While the bridge over the Youghiogeny was in the course of construction, the Indians assured Washington he would never be able to open a waggon-road across the mountains to Redstone Creek; he embarked therefore in a canoe with a lieutenant, three soldiers, and an Indian guide, to try whether it was possible to descend the river. They had not descended above ten miles before the Indian refused to go further. Washington soon ascertained the reason. "Indians," said he, "expect presents-nothing can be done without them. The French take this method. If you want one or more to conduct a party to discover the country to hunt, or for any particular purpose, they must be bought; their friendship is not so warm as to prompt them Washington shared deeply this feeling. "Let to these services gratis." The Indian guide in
LURKING FOES SKIRMISH WITH JUMONVILLE.
the present instance, was propitiated by the promise of one of Washington's ruffled shirts, and a watch-coat.
The river was bordered by mountains and obstructed by rocks and rapids. Indians might thread such a labyrinth in their light canoes, but it would never admit the transportation of troops and military stores. Washington kept on for thirty miles, until he came to a place where the river fell nearly forty feet in the space of fifty yards. There he ceased to explore, and returned to camp, resolving to continue forward by land.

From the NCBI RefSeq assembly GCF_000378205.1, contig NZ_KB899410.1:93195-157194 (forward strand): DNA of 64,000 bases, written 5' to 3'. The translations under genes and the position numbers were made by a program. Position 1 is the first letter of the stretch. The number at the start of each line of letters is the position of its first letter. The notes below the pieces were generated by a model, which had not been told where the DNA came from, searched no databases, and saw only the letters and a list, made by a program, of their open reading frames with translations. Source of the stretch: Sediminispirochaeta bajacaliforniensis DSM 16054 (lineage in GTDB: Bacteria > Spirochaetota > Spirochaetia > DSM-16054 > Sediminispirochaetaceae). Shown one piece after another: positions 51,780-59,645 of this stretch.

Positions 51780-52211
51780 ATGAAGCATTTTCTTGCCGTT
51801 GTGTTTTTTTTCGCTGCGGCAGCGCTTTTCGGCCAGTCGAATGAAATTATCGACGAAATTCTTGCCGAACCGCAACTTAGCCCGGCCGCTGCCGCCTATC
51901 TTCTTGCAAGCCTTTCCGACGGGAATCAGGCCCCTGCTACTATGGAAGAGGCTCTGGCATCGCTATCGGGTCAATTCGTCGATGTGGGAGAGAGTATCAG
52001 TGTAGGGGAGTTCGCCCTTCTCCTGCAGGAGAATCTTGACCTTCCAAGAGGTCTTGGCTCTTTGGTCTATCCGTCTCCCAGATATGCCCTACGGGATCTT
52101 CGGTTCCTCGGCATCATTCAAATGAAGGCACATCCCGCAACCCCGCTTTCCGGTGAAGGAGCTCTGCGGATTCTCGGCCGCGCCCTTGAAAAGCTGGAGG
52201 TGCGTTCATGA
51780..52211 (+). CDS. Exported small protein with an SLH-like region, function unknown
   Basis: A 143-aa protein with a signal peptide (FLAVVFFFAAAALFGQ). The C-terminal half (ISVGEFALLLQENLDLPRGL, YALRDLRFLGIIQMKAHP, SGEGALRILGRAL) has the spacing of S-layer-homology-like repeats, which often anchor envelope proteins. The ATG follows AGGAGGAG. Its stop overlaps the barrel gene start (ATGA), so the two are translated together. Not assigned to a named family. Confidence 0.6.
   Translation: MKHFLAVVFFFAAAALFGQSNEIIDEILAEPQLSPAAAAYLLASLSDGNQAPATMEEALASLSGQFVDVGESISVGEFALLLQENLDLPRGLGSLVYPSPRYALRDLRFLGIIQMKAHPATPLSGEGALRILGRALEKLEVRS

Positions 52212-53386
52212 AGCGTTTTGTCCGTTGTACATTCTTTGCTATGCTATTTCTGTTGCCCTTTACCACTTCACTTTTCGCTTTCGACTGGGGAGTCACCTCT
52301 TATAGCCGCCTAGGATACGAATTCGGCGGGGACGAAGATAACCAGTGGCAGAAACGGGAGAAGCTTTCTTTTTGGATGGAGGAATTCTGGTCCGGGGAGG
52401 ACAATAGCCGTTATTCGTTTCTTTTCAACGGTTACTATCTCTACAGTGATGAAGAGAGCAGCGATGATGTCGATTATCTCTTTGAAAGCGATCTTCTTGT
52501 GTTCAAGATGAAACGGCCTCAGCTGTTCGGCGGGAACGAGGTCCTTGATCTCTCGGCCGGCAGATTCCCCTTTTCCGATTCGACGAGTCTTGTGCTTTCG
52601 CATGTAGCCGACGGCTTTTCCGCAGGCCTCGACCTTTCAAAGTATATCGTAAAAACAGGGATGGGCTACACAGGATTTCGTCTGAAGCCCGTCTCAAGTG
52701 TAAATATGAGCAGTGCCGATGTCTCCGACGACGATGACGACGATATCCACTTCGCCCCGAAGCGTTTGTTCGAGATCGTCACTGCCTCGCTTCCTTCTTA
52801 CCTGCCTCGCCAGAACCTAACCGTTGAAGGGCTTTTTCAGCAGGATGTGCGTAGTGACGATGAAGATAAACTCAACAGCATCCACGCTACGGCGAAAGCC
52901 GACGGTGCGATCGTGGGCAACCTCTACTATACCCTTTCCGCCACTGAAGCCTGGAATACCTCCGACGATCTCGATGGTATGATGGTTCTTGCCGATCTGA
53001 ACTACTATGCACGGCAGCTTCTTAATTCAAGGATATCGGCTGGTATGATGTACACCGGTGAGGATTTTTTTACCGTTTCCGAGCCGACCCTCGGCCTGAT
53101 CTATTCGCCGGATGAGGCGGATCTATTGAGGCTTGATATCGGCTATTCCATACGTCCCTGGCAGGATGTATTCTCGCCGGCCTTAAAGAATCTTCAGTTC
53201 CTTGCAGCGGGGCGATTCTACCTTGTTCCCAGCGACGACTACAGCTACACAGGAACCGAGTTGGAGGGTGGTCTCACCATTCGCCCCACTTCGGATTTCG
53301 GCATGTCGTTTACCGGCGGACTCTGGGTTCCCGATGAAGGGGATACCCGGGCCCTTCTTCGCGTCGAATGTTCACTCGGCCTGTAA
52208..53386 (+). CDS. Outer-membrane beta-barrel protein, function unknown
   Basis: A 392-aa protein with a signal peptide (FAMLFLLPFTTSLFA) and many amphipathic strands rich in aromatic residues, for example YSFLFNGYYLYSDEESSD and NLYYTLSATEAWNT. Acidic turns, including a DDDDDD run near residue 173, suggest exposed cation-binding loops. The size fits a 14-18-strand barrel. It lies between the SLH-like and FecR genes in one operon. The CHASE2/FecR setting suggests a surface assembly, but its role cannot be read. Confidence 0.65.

On the 23d Indian scouts brought word that the French were not above eight hundred strong, and that about half their number had been detached at night on a secret expedition. Close upon this report came a message from the half-king, addressed "to the first of his majesty's officers whom it may concern."
"It is reported," said he, "that the French army is coming to meet Major Washington. Be on your guard against them, my brethren, for they intend to strike the first English they shall see. They have been on their march two days. I know not their number. The halfking and the rest of the chiefs will be with you in five days to hold a council."